The US is home to several cities considered eco-friendly; because of its public transportation and commitment to green initiatives, New York City is one of them. But it wasn’t always this way — in fact, many of America’s cities were influenced by the 1939 New York World’s Fair imagining of an ideal, car-based city. This utopic roadway concept took the States by storm post-war, after which car ownership skyrocketed and roadways sprawled.

Cities in Europe, on the other hand, were never designed based on the assumption that private cars are the pinnacle of urban mobility. Countries far older than the US boast more compact and walkable city streets. We know now that the World Fair was wrong, and author Jane Jacobs was right: “Traffic congestion is caused by vehicles, not by people in themselves,” she wrote in The Death and Life of Great American Cities. Cities that invested in car-based infrastructure have proven to be less environmentally sustainable, among other issues.

As a result of this knowledge, cities across the world, no matter their original design, are striving to decrease their reliance on cars. The financial incentive for this is also clear: city residents without cars save money on automobile-related costs, and have a heightened ability to boost the local economy.

The planet likes bikes

Some cities are ahead of others in this regard, and when it comes to transportation innovations, it’s worth looking to some of the planet’s greenest urban spaces for solutions and ideas.

One prime example is Copenhagen, Denmark, sometimes called the bike capital of the world. 55 percent of citizens here ride a bike every day — it’s estimated that for every kilometer cycled, society enjoys a net profit of 23 cents. Bikers also save the city 90,000 tons of Co2 emissions annually.

Copenhagen’s bicycle culture has been over a century in the making; photographs show Danes in early 20th century biking to and fro enthusiastically. This culture was challenged mid-century by cars, but in the 1960s it became apparent that their prominence was leading to traffic accidents and congestion. To counter this, Copenhagen put energy and investment into extensive cycling infrastructure and branding campaigns.

With over 390 kilometers of bike lanes, Copenhagen’s cycling is not only a healthy, green alternative to driving, but a well-defined symbol of freedom and personal energy. The Danish city continues to expands their bike culture with new policies, marketing initiatives, projects, pathways and more.

Other cities look to Copenhagen as an example, and the idea is certainly catching on — and not only in Europe. Buenos Aires in Argentina has become a latest poster child for urban biking, and Chinese city Hangzhou boasts the largest bike share in the world with a 78,000  fleet.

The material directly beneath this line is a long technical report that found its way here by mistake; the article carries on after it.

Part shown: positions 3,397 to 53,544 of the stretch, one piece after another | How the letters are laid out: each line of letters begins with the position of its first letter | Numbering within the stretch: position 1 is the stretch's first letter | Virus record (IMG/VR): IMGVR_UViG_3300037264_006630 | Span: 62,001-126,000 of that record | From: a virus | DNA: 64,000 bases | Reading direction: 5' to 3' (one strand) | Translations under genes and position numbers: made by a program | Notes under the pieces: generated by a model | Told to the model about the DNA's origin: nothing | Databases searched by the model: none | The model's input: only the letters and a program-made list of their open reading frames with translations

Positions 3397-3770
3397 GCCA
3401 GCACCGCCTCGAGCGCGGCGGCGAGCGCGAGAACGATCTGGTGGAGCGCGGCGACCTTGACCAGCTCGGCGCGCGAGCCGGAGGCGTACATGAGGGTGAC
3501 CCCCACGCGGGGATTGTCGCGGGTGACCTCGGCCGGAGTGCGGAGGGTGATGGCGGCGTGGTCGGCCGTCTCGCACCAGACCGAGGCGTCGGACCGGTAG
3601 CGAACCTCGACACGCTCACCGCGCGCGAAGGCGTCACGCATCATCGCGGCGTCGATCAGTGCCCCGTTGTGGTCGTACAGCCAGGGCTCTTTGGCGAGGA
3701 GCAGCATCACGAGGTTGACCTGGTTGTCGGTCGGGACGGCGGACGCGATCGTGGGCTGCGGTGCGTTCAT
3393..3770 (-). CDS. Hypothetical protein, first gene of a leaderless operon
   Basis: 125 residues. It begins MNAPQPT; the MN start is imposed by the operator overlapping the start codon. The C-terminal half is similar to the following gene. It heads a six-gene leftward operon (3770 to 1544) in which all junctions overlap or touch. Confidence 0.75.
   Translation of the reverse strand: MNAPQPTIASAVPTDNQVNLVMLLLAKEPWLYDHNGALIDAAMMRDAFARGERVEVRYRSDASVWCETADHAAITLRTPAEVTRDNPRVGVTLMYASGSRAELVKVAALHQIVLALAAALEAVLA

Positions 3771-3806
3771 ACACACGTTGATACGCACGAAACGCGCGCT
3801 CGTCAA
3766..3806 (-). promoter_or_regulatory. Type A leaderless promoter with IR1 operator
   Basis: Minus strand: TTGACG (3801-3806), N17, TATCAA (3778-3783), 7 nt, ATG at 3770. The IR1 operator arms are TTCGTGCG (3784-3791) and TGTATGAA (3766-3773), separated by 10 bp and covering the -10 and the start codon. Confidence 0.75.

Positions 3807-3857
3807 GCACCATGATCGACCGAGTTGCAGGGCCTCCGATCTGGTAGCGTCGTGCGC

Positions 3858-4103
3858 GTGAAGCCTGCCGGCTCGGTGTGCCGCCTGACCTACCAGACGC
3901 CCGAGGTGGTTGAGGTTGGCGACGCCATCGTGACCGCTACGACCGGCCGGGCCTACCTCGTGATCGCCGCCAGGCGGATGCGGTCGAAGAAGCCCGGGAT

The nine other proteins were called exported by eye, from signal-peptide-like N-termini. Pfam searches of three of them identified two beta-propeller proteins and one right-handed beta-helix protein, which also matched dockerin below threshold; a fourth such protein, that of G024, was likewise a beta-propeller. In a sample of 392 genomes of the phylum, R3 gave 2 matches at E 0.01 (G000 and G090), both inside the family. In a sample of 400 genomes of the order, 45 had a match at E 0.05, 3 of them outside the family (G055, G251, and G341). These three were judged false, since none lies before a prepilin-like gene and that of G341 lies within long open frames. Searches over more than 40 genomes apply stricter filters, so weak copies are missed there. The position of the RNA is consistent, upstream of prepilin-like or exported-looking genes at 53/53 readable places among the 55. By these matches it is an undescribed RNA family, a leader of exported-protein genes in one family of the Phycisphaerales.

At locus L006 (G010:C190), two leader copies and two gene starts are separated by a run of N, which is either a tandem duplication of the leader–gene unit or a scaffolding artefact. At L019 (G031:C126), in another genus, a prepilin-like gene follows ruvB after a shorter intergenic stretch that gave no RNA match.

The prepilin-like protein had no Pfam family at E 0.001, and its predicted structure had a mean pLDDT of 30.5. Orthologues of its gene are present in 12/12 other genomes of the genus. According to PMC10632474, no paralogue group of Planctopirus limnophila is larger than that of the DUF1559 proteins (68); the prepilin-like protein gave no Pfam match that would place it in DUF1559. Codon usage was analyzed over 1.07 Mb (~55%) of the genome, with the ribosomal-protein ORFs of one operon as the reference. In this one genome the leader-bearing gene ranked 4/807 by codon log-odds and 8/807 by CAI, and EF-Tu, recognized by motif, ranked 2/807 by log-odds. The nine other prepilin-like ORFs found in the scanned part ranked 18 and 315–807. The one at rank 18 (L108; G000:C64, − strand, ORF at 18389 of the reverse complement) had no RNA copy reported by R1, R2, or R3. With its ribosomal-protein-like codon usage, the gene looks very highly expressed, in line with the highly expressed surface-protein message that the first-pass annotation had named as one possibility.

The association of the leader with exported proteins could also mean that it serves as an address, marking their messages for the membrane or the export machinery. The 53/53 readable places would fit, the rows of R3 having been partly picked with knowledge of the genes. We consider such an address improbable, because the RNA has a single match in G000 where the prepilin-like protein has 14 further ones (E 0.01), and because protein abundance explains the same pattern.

Have feet, will travel

Cites that are pedestrian friendly also tend to be much greener than car-centric ones. When urban space is made walkable — a task that may take development and beautification — residents rely less on cars and more on their feet. Some cities have even closed down roads to cars to create public walking spaces. You can see examples of this in New York City, where Times Square has been transformed into a shiny, commercial pedestrian paradise.

There are many big cities cutting down on cars, including London, Madrid, and Hamburg, in addition to already mostly car-free cities like Venice, Freiberg, and Groningen. Cities like Istanbul and Mexico City are also embracing the importance of people-oriented mobility to incredibly promising results.

Pedestrianization has been touted as a great necessity in urban design: it preserves the health and safety of city residents, reduces pollution and noise while improving tourism, and heightens retail income and community involvement.

Air, land and sea

Part of reducing reliance on cars means finding alternative ways for people to travel. This goes much further than biking and walking: there are many other complex systems of transport including travel via bus, tram, boats and more.

Perhaps the quintessential example of a carless city is Venice, which was built with canals instead of streets. Though some boats there are indeed pollutants, the city is accessible by foot and gondola.

Medellin, Colombia takes the concept of gondolas to a new level, literally: the city implemented gondola lifts called metro cable that go up and down the city’s steep mountainside. This is part of a greater metro system called Metro de Medellin, which saves 175,000 tons of Co2 every year along with saving $1.5 billion in respiratory health costs. Areas that were once violent and dangerous have been utterly transformed due to the modern ease of mobility.

Share or beware

Lastly, the share economy is a growing trend in transportation and travel that has proven to be a green alternative to cars and hotel rooms. By renting space in an existing cars and homes, travelers don’t contribute to excess energy consumption.

Carsharing in particular is on the rise everywhere from the US to China, India, Brazil and Mexico. If people share rides, theory has it, car ownership decreases and complements a growing array of public transportation options. Car ownership is already declining, and the Ubers and Googles of the world are knee-deep in plans for a future of automated ridesharing.